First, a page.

• The conservative Heritage Foundation "helps fund and engages in joint activities with institutes in Great Britain and Israel."
• The Jewish Institute on National Security Affairs "was organized and is run by individuals closely tied to the Israeli lobby and can be regarded as a virtual agency of the Israeli government:”
• Georgetown University's Center for Strategic and International Studies includes such well known "experts" on terrorism often quoted in the media as Michael Ledeen, Walter Laquer and Edward Luttwak who "have had very close relationships with Israel and Mossad,"
• The Institute for Studies in International Terrorism at the State University of New York, has "extensive international ties to military police and intelligence operations as well as the U.S., European, and Israeli right [which] reflect [founder Yonah] Alexander's own connections:”
• The International Security Council (JSC) founded by the late Joseph Churba, long tied to Israel and the Mossad. ISC was preceded by the Center for International Security which featured, among its board members, Frank Gervasi "a well — known and passionate apologist for Israeli policy." Churba's * activities were funded by the Unification Church of Korean cult leader Sun Myung Moon, himself a front for the Korean CIA which has long functioned as an adjunct of the American CIA. [*Pg 25] The authors note: "There are significant connections between the mainstream terrorism experts and Moon-supported institutes and those affiliated with the Israeli lobby.”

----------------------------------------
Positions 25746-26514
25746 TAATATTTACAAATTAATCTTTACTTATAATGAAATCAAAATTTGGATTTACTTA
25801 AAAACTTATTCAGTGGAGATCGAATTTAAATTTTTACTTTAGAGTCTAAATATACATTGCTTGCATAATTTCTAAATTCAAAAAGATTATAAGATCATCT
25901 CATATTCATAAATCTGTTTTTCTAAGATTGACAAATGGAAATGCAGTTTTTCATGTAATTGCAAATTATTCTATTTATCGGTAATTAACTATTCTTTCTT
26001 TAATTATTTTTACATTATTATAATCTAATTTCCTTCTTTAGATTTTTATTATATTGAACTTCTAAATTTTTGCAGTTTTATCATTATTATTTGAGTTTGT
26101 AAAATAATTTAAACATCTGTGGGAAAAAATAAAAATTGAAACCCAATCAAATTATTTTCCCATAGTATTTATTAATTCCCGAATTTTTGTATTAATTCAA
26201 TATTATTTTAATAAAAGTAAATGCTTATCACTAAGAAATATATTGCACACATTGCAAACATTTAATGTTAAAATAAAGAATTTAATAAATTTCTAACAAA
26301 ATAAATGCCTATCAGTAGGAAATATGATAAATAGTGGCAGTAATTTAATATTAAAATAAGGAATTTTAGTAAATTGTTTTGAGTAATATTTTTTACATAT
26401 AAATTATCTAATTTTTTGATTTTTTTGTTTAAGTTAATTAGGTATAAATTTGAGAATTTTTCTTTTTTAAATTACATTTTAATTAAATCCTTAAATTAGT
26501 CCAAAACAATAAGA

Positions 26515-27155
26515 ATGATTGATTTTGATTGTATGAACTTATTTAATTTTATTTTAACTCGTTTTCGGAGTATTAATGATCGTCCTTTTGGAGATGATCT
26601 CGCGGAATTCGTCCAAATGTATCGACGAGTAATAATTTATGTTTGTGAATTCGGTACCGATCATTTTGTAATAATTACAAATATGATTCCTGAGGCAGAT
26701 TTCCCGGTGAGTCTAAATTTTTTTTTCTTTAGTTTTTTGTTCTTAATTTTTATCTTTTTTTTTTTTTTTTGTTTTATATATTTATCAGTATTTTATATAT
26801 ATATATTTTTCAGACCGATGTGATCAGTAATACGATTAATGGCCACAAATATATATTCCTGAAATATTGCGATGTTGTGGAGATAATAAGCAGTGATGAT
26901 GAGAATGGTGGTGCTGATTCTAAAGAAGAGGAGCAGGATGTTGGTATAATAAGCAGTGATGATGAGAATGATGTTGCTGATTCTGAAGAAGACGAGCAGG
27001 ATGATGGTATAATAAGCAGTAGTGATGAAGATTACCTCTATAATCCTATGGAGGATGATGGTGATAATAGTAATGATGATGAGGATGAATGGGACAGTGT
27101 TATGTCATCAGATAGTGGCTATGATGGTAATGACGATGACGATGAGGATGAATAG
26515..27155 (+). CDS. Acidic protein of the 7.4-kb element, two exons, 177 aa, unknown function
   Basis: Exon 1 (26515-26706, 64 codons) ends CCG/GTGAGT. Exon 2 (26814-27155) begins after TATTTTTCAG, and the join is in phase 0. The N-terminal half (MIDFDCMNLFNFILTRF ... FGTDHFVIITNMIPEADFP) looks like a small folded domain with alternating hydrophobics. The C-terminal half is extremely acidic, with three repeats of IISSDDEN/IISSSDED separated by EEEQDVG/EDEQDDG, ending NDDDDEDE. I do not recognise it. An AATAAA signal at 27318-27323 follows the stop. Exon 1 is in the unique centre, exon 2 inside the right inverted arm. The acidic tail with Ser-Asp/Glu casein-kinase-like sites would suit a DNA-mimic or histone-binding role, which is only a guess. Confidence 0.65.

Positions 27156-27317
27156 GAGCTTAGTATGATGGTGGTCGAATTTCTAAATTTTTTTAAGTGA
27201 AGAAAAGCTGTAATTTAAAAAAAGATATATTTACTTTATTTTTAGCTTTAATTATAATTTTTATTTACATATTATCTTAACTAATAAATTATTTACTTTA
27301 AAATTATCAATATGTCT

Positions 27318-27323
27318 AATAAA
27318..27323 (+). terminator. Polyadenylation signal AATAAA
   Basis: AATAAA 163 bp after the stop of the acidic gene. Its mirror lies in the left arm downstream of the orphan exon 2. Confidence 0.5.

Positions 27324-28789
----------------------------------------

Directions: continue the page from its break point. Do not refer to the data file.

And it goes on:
• The American Security Council, a "conservative" group, included James Jesus Angleton, former counterintelligence chief of the CIA, on its board. Angleton, known for his devotion to Israel, was the Mossad liaison for the CIA and was implicated in massive domestic spying on American citizens by the CIA. Although the media has been careful not to disclose the fact, Angleton's domestic spying operations were largely carried out in collaboration with the Anti-Defamation League (ADL) of B'nai B'rith, the American public relations and intelligence arm of Israel's Mossad.